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Lin. Alg. - Is the set a linearly independent subset of R^3

  1. Sep 4, 2007 #1
    1. The problem statement, all variables and given/known data
    Is {(1,4,-6), (1,5,8), (2,1,1), (0,1,0)} a linearly independent subset of R^3. Justify your answer


    2. Relevant equations



    3. The attempt at a solution


    I asssumed

    a(1,4,-6) + b(1,5,8) + c(2,1,1) + d(0,1,0) = 0

    then i set up the system

    a + b + 2c = 0
    4a + 5b + c + d = 0
    -6a + 8b + c = 0

    My first step was to switch the 2nd row with the 3rd row:

    a + b + 2c = 0
    -6a + 8b + c = 0
    4a + 5b + c + d = 0

    then i replaced the second row with ( 6R1 + R2)
    and replaced the third row with (-4R1 + R3)

    my result is

    a+ b + 2c = 0
    14b + 13c = 0
    b - 7c + d = 0

    then i replaced thethird row with ( - 1/14 R2 + R3)

    a + b + 2c = 0
    14b + 13c = 0
    -111/14 c + d = 0

    on this step, it's looking closer to what Dick got, and is there supposed to be another manipulation with the rows?

    I just solved for d = 111/14 c

    then i just let c = 1, thus
    c = 1
    d = 111/14
    b = -13/14
    a = (13/14) - 2

    but if i let c = 14

    i get dick's answer

    c = 14
    d = 111
    b = -13
    a = -15


    are both results correct??

    and if not, (meaning Dick's is the only correct solution), what is the next step in the algorithm to find c = 14?

    thanks for the help


    nevermind, upon further reading i found that

    "In this case, the system does not have a unique solution, as it contains at least one free variable. The solution set can then be expressed parametrically (that is, in terms of the free variables, so that if values for the free variables are chosen, a solution will be generated)."

    so there's no unique solution, since you can choose whatever you want your variable "c" to be.
     
    Last edited: Sep 5, 2007
  2. jcsd
  3. Sep 4, 2007 #2
    are you sure you row-reduced the system? even if you didn't, you should have encountered in your class that for R^n, the maximum number of vectors that can be linearly independent is n, which is in this case 3
     
  4. Sep 4, 2007 #3

    Dick

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    Science Advisor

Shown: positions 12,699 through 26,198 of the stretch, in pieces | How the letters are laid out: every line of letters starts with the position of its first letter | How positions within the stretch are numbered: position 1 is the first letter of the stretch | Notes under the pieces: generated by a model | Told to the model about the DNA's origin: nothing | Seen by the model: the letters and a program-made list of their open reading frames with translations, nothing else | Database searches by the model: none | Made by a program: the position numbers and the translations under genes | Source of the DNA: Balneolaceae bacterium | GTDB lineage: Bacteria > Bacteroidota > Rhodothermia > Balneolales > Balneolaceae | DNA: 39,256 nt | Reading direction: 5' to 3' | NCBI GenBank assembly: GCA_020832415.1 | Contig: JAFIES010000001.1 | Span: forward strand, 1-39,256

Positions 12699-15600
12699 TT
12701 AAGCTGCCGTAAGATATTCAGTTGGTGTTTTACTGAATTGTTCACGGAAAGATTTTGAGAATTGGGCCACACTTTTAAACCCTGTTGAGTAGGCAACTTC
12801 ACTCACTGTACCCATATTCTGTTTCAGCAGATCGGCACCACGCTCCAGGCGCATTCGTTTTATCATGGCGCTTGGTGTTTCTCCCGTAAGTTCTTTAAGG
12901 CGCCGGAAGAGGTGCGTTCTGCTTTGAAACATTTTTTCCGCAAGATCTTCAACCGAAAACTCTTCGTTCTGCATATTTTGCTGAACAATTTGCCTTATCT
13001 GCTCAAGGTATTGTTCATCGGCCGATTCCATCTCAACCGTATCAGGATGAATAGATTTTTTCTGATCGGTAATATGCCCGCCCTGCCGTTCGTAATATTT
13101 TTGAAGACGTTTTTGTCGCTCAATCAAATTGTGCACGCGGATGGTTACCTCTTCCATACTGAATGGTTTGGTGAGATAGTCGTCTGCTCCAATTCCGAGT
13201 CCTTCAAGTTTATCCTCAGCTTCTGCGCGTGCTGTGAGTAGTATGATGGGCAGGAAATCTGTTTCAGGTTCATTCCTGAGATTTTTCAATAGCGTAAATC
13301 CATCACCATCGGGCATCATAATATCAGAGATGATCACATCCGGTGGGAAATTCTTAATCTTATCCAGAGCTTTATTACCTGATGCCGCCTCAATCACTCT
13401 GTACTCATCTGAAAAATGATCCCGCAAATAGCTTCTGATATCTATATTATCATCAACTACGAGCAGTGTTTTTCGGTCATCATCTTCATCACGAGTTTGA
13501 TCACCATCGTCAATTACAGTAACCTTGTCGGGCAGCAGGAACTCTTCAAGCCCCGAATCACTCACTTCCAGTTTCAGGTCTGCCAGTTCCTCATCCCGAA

Homework Helper

    a=-15, b=-13, c=14, d=111. Yes, you've missed some solutions, as proton predicted.
     
  5. Sep 5, 2007 #4
    thanks alot, i'm actually taking the linear algebra course, with an intro to linear algebra course at the same time, so i'm not really familiar with this topic yet

    but when you mentioned row reduced system, i looked it up, and worked out the problem
    before, i just tried random substitutions

    My first step was to switch the 2nd row with the 3rd row:

    a + b + 2c = 0
    -6a + 8b + c = 0
    4a + 5b + c + d = 0

    then i replaced the second row with ( 6R1 + R2)
    and replaced the third row with (-4R1 + R3)

    my result is

    a+ b + 2c = 0
    14b + 13c = 0
    b - 7c + d = 0

    then i replaced thethird row with ( - 1/14 R2 + R3)

    a + b + 2c = 0
    14b + 13c = 0
    -111/14 c + d = 0

    on this step, it's looking closer to what Dick got, and is there supposed to be another manipulation with the rows?

    I just solved for d = 111/14 c

    then i just let c = 1, thus
    c = 1
    d = 111/14
    b = -13/14
    a = (13/14) - 2

    but if i let c = 14

    i get dick's answer

    c = 14
    d = 111
    b = -13
    a = -15


    are both results correct??

    and if not, (meaning Dick's is the only correct solution), what is the next step in the algorithm to find c = 14?

    thanks for the help
     
  6. Sep 5, 2007 #5
    nevermind, upon further reading i found that

    "In this case, the system does not have a unique solution, as it contains at least one free variable. The solution set can then be expressed parametrically (that is, in terms of the free variables, so that if values for the free variables are chosen, a solution will be generated)."

    so there's no unique solution, since you can choose whatever you want your variable "c" to be.
     
  7. Sep 5, 2007 #6

    Dick

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    Science Advisor
    Homework Helper

    You've got it. My solution was just a 'for instance'.
     
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